Often when we do art, we tap into a historical narrative that influences our current perspective. This could be done in several ways such as examining economic principles like primitive communism, feudalism and slave labor, or sometimes we assess ancestral roots to understand the trajectory of our bloodline in order to guide us in contemporary society. We sometimes look at previous art styles or entire cultural periods to inspire new works or design, or we read the classics, ancient philosophy and early religion to give us a framework from which to build upon. However, sometimes we look toward the future, hence the futurists, which often results in narratives related to new urbanism and the industrial metropolis, or a dystopian prison-like society where the Panoptican remains triumphant. Or maybe the complete opposite where we learn to co-exist without war, famine, violence, disease and so forth... in a utopian new world, in the aesthetic age. Recently I was walking through the Loyola Marymount University campus in Westchester, and I remembered how impressive the illuminated manuscripts of the Renaissance period were, including the glass-engraved iconography inside Catholic churches. I wondered if there was a contemporary artist that tapped into religious imagery to interpret a modern, secular urban society. And there was... here in Los Angeles, in my own backyard, Jason Hernandez.
Straight out of Bellflower, California, Hernandez grew up in a conservative Catholic household where as a child he was drawn to the church experience as an art laboratory. From the architecture, to the window panes, to the bible itself, the religious motifs would leave a lasting impression on the young artist who had already started winning art contests. One of the most astounding moments in his life was on Portfolio Day at the Cal Arts campus where he approached a booth where a professor, Gary Meyer, from the prestigious Art Center College of Design in Pasadena looked at his portfolio and said, "Finally... the first one all day!" which subsequently led to several small scholarships to study there where Hernandez received a BFA in illustration. There he learned to perfect his church-inspired illustrations from the 15th century along with his fascination with early Flemish works of the late gothic and Renaissance period. However, Jason Hernandez has not only been looking backward at mythological and metaphysical humanist ideals that birthed the Reformation and the Scientific Method, he has also looked forward as a result of the modern enlightenment of science. His deep appreciation for quantum physics and astronomy has allowed the marriage of science and religion in his work, which complements his art with utter superiority. After all, science and theology both looked towards the cosmos to understand existence and the supernatural realm.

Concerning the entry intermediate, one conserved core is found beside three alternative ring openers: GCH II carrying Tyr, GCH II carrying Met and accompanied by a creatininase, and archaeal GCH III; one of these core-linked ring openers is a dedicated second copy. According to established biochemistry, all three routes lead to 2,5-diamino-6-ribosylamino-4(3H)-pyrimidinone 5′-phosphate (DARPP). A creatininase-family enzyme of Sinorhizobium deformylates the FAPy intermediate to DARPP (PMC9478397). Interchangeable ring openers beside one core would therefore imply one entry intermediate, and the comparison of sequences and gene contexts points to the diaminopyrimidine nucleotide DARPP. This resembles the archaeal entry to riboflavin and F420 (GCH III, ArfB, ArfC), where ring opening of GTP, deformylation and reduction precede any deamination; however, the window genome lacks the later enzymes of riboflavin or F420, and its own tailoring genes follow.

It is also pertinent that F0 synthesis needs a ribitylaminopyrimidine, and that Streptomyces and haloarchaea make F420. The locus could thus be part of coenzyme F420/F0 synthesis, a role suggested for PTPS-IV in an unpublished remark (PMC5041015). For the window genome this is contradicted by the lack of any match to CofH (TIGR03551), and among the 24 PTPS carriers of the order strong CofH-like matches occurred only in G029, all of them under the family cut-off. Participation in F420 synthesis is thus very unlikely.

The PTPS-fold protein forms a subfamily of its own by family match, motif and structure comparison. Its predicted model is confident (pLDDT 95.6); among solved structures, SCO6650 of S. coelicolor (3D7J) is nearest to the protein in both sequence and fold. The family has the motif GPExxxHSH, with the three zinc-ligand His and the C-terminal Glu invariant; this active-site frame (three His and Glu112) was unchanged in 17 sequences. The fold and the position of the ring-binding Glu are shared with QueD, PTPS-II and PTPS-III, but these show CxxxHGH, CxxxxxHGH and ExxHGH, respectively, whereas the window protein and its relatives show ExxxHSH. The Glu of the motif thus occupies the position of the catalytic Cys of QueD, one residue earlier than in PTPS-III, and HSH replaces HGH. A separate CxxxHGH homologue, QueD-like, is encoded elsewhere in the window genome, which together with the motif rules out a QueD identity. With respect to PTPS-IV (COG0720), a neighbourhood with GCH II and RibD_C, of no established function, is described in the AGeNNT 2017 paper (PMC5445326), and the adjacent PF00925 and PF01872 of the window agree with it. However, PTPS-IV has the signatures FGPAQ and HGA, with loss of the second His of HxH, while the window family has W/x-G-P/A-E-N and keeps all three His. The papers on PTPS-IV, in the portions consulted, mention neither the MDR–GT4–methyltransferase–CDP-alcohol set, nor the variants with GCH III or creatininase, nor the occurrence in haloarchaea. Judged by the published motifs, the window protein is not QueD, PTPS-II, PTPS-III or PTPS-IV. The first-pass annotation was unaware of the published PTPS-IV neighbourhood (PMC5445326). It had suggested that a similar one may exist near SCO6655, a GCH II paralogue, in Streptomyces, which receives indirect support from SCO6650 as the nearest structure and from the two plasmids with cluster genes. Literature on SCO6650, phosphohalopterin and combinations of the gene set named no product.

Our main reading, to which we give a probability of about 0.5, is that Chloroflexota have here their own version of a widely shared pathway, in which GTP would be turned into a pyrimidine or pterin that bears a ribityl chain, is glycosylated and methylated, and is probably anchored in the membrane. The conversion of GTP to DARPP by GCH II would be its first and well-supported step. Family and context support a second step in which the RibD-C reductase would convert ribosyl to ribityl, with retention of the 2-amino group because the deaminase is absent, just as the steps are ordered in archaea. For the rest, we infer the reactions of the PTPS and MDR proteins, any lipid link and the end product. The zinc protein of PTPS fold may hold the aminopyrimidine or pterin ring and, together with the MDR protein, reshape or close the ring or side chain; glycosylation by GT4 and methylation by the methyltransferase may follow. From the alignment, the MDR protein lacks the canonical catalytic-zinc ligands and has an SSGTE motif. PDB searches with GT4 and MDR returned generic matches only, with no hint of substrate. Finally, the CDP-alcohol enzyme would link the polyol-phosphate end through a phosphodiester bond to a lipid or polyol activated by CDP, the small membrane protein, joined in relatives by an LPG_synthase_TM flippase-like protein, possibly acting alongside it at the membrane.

In the above painting titled, Lifeline, Hernandez tells a factual story of a day when he was riding his skateboard along the Los Angeles River, lost control, and the board fell into the current which seemed to be getting devoured by whatever existed in the abyss. Without second-guessing, he immediately jumped into the river to save his mode of transportation, and thoughts of modern technological extensions of man such as the automobile, the armor, the sword, and the horse plagued his mind. In the background he saw a man galloping on a horse, since there are many horse stables along the L.A. River that remind us of a pastoral paradise, and he appeared like a knight-errant and threw in a lasso to save him. The current was strong, the water was polluted, and the inside was slimy, thus the savior appears like a heroic Knight Templar in an urban setting. Hernandez has the ability to paint real-life settings of excruciating pain and beauty simultaneously, often with blank expressions on the characters faces, that in actuality communicate entire epical journeys. Moreover, he often paints astronauts with their helmets on or by their side that depict halos of radiance. From his perspective, the astronaut will be remembered as the errant knight in the future with their armor and helmets, reminiscent of medieval gallantry, because they too will colonize distant lands.
Photos courtesy of Jason Hernandez 2014